How intensively is small-scale hydropower in Austria currently being expanded?

There has been a continuous increase in small-scale hydroelectric power generation in recent years, which is an increase not only due to the realization of new projects, but also through revitalization measures. However, this increase in production is not as dynamic as in the wind sector or as in photovoltaics. We expect this upward trend to continue in the future. Slow but steady. From the feedback of our members, I see above all that by changing the eco-electricity system, which gives the possibility to tariff promotion for small hydroelectric power plants, more dynamics can be seen again in the area of power plant revitalization.

What are the main challenges in the implementation of small hydropower projects?

(c) istockphoto/Tim PohlThis question can not be answered altogether. Often, of course, there are lengthy and difficult licensing procedures. Sometimes there are projects in which the technical challenges prevail, for example due to special location conditions. The ecological environment puts in manye Is a challenge. This is different on a case-by-case basis. Further, social acceptance is an essential factor, so the social component is to be included in every project realization. Of course, economic questions play a decisive role, and these are often closely related to technical and ecological questions.

In your opinion, where do you see the greatest potential for small-scale hydropower use in the future? In which areas are there research and development potentials?

A major issue is the energetic use of existing cross structures, which have not yet been used for electricity production. Pumps storage will also become an issue in the small performance range. These issues are also linked to technological challenges.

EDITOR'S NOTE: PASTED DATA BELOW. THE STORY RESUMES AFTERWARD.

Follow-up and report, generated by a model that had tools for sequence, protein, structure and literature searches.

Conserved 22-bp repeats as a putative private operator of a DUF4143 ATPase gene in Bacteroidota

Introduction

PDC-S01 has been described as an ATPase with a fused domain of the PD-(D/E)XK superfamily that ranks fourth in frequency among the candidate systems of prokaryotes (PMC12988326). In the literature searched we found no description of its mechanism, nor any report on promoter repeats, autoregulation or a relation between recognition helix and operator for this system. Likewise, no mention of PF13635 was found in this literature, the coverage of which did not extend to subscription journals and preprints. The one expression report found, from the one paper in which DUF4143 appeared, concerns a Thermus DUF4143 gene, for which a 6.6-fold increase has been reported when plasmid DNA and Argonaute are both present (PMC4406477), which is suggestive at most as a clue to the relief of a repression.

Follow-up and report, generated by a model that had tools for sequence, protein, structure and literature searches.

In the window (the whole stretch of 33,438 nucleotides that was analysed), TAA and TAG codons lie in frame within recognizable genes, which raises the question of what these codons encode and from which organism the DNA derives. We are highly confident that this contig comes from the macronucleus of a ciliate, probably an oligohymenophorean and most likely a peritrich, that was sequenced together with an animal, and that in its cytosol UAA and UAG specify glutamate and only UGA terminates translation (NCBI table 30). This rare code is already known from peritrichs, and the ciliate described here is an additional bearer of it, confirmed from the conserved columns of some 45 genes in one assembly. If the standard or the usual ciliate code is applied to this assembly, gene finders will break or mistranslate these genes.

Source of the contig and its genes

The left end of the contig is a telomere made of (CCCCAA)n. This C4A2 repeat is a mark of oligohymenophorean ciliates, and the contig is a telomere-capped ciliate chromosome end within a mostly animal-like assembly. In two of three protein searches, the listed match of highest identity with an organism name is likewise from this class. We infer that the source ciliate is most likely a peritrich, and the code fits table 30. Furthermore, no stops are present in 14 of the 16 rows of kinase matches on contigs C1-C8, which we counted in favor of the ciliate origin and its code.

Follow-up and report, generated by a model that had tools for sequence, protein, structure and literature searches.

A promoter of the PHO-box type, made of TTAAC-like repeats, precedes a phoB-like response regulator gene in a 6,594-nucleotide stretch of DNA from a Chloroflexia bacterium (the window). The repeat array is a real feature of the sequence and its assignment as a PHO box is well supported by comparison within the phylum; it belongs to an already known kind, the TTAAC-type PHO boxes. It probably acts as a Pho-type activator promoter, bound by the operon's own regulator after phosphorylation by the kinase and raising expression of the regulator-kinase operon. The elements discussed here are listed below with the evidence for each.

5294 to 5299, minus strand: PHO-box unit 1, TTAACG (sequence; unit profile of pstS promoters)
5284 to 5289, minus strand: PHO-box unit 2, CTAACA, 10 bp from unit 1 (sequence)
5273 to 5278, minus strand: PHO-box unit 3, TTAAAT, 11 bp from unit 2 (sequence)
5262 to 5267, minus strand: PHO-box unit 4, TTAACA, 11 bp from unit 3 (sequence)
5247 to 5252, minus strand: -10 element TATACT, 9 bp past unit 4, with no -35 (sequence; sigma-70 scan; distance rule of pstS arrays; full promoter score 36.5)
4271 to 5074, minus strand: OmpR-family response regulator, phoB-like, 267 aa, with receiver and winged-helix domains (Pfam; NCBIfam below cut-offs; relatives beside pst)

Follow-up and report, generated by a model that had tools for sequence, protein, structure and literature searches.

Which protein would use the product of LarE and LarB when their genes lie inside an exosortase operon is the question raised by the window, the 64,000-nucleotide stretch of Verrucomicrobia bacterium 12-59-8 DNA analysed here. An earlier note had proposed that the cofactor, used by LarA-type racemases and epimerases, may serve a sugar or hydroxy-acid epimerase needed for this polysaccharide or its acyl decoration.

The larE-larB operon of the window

A further development topic is the combination of multifunctional systems, ie systems that are not primarily used to generate energy with energy generation. This is already partly done in drinking water or sewage.

In the area of small-scale hydropower, universities and companies are the most important research facilities. In many cases there is an intensive cooperation between these players.

Are innovations to be expected in the area of small water power over the next few years?

It is not to be expected that completely new technologies will be developed to replace existing concepts. Nevertheless, there are always interesting new developments in the small water power industry. There are also innovations in the context of ecological accompanying measures - such as the development of a fish-climbing auger, which ensures a continuity of the water bodies for fishes and at the same time electricity can be produced.

What challenges do you see in the future of small hydropower in Austria?

The biggest challenge will surely lie in the implementation of the WFD, which is an intervention in existing water rights. These are investments that have been established under other legal conditions and have made their economic calculations under these conditions. These must be adapted to new requirements. This means, among other things, subsequent investments or losses in energy production, for example by an increase in residual water doping.

The task of the "Kleinwasserkraft Österreich" association is to secure the stock of plants and the electricity production. A goal for the association in the next few years is therefore to accompany this upheaval, so that there is no endangering of our members.

How do you think Austrian companies are positioned in the entire range of environmental technologies, apart from hydropower?

Austria has succeeded in establishing itself internationally in this sector. There is no dispute that Austria is a flagship in the field of environmental technology. However, Austria must make sure that image and reality do not interfere. Partially you can not escape this impression.

What is necessary for an Austrian company to take a leading position in the environmental technology sector?

The domestic market plays a very important role, as successful export is based on a good market. Outsourcing of production sites is problematic, since innovative development can take place where production is concerned.


DI Martina Prechtl-Grundnig

DI Martina Prechtl-Grundnig (c) Kleinwasserkraft Österreich

2001: Absolvierung des Studiums der Landschaftsplanung und Landschaftspflege an der Universität für Bodenkultur Wien 

Dachverband der Absolventenverbände der niederösterreichischen landwirtschaftlichen Schulen

2002 - 2007: Geschäftsführerin des Energieparks Bruck an der Leitha

2007: Abschluss des postgradualen, berufsbegleitenden "MSc Program - Renewable Energy in Central and Eastern Europe“ an der Technischen Universität Wien.

seit 2007: Geschäftsführung Kleinwasserkraft Österreich